Former captain of Accra Great Olympics, Godwin Attram says the management of Olympics has to be professional enough in their recruitment for the season in other not to suffer a quick return to the second tier league.Speaking on Asempa FM over the weekend, Attram rubbished the recruitment style of the management of his former club; Olympics for acting unprofessionally as he witnessed over 90 players justify their inclusion to join the ‘Dade’ side come next season.“I think for a club like Olympics they don’t need players for justifiers they need to promote young ones from their junior side and moreover I have willingly given out seven of my good players from my Academy to them free of charge”, he said. The 34 year old has now signed a year deal for Deportivo Azogues in the Ecuadorian league but currently is working on his Academy in Ghana and has decided to play for Great Olympics for the three to four months that he will be in Ghana in a mutual agreement with his foreign club. The workaholic midfielder believes he has been the best product for the past 10- 15 years to be discovered by Great Olympics.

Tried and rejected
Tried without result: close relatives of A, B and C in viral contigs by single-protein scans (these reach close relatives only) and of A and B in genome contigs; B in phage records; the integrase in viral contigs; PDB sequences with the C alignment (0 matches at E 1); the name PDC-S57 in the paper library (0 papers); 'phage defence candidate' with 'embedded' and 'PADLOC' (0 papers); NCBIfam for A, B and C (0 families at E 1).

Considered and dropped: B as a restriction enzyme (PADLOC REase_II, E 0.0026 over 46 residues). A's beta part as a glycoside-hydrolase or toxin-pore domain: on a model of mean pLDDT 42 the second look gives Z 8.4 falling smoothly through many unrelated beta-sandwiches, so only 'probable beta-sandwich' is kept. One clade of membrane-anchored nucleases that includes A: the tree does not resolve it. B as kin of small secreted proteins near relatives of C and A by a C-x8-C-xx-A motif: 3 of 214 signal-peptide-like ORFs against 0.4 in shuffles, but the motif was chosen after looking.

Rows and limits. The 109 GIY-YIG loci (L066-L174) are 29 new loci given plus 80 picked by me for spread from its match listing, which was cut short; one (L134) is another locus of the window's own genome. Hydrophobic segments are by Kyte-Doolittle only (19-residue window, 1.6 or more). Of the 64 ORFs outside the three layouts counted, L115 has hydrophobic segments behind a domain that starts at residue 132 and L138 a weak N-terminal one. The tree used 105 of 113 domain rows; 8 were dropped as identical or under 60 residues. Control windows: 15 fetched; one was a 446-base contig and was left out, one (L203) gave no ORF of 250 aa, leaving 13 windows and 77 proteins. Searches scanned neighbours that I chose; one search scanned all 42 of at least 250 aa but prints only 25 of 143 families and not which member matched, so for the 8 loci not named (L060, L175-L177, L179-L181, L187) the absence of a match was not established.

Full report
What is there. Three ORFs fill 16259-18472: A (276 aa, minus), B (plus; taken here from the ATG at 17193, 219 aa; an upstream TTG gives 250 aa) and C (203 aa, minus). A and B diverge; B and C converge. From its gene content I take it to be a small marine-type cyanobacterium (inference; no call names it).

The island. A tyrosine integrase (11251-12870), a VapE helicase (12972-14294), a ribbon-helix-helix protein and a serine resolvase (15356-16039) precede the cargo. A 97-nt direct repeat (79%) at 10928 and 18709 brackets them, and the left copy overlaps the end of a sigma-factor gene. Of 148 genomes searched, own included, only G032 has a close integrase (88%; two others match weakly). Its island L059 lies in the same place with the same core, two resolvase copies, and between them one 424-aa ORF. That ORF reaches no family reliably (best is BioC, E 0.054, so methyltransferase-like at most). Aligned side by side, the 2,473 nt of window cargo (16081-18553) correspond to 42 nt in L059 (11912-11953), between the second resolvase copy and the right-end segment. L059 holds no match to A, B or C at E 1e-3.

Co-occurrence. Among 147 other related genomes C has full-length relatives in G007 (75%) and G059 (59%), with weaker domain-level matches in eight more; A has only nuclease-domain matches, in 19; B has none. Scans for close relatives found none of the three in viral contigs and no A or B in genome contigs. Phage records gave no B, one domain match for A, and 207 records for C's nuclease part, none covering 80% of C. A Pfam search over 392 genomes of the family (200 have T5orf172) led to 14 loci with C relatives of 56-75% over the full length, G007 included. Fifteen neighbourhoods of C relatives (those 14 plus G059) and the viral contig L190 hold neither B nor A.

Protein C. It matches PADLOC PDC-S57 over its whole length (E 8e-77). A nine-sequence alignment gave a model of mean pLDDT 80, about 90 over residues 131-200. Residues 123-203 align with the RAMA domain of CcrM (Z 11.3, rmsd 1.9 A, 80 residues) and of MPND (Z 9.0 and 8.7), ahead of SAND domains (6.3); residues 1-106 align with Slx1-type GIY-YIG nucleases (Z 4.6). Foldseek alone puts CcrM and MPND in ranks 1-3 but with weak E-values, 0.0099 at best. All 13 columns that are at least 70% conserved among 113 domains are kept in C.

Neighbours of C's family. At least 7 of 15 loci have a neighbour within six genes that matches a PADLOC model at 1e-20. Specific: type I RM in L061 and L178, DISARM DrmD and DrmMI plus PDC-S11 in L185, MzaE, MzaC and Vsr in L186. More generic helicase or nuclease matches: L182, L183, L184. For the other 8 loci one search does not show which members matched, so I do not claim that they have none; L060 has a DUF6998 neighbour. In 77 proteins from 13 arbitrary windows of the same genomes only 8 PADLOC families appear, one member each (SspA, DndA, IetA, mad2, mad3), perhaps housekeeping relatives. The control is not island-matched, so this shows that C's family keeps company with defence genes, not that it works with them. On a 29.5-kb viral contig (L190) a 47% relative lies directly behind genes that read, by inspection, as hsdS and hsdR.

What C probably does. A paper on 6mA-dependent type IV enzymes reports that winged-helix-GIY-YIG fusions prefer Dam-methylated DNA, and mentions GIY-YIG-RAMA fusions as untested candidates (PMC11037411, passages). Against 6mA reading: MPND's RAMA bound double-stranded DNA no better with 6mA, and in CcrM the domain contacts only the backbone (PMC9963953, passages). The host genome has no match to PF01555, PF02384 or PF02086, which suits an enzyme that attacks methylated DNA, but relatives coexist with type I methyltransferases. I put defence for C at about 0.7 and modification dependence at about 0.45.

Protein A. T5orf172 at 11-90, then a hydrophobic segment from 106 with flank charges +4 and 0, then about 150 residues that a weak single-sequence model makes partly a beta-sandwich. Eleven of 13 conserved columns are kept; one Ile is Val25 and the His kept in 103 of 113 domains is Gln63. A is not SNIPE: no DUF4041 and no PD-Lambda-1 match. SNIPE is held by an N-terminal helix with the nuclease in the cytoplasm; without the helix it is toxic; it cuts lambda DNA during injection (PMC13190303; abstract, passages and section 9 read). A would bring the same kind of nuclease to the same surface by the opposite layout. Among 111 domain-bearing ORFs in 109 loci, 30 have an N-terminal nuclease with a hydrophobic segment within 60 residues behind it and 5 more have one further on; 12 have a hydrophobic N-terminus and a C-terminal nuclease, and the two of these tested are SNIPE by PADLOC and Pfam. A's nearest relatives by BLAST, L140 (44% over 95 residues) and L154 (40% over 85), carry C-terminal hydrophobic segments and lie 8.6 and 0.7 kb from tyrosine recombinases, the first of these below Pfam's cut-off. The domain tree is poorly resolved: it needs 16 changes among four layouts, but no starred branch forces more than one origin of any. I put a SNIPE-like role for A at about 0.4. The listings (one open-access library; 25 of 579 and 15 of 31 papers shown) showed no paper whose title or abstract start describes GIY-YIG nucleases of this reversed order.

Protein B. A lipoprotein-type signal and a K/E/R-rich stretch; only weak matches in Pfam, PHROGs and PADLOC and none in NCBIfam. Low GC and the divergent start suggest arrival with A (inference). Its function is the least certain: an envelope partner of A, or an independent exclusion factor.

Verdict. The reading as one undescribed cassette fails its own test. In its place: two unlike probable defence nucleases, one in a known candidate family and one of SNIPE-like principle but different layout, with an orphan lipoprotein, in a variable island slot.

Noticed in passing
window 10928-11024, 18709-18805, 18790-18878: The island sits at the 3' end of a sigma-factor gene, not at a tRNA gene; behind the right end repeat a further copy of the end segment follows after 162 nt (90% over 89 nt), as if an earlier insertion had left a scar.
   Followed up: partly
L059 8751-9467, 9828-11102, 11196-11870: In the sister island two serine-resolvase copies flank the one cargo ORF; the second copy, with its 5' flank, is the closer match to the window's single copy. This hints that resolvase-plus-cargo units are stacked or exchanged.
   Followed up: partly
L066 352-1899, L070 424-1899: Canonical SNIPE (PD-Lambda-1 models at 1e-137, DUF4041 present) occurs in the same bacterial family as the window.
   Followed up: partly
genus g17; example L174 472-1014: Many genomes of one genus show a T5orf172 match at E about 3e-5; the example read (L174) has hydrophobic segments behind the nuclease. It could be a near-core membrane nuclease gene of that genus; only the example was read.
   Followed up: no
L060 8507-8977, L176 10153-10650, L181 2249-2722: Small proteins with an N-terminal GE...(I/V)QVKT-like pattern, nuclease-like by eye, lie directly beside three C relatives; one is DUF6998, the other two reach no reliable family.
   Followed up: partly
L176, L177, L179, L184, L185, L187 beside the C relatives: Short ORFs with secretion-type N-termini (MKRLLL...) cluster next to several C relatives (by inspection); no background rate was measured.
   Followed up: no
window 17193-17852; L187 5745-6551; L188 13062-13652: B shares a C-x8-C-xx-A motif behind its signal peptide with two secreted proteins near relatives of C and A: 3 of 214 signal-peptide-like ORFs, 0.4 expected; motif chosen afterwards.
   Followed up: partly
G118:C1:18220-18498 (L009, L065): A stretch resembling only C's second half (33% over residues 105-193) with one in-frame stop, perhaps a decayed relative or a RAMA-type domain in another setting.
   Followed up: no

FILE PHOTO: Ole Gunnar SolskjaerManchester, United Kingdom | AFP | Paul Pogba is a doubt for Manchester United’s match against Arsenal, giving beleaguered manager Ole Gunnar Solskjaer a fresh headache as he juggles his scant attacking resources.The France midfielder hurt his ankle again in the League Cup match with Rochdale in midweek on his return to the side after not playing since late August.Pogba played the whole game as United edged past the League One team on penalties after a 1-1 draw but he did not take a penalty and did not attend a team bonding dinner at Juan Mata’s restaurant after the game.Solskjaer revealed on Friday that his ankle knock was the reason he did not join his teammates.“The situation is Paul finished the game, 90 minutes fantastically, but he got a knock to his ankle which is very swollen,” said Solskjaer.“So it was better for him not to go there with the team and he’s in a race for Monday. He is a doubt, but that is the way it is.”Forwards Anthony Martial and Marcus Rashford are also facing a battle to be fit for Monday’s game at Old Trafford, with Solskjaer short of attacking options.Martial is still trying to recover from a thigh injury sustained last month while Rashford limped off with a groin problem in the 2-0 defeat at West Ham on Sunday.If neither of those two makes it, Mason Greenwood will be in line to start his first Premier League game. The 17-year-old has scored in each of United’s past two home games, against Astana in the Europa League and then against Rochdale, so his manager would have no qualms about throwing him in against the Gunners.“Mason has proven that when he is in the box, he’s dangerous,” said the Norwegian. “What has pleased me about him is that he doesn’t turn down chances to finish.“We have managed him as you can’t just throw him in the deep end all the time. But he has proved in those games he is ready for it.”United are currently languishing in eighth spot in the Premier League with eight points from their six matches and only one league win in the past five.It is not the start that United fans were hoping for, but Solskjaer said the team were making progress.“I never said it was going to be easy this season,” he said. “There are going to be bumps in the road, highs and lows. But when we lose a game, we have to trust ourselves and what we are doing.“We have to keep our eyes on the prize and the principles we believe in. It is a team that is evolving and improving. There are no issues with the attitude, the work rate, the desire.“You can see the boys want to impress, and want to do well.”Share on: WhatsApp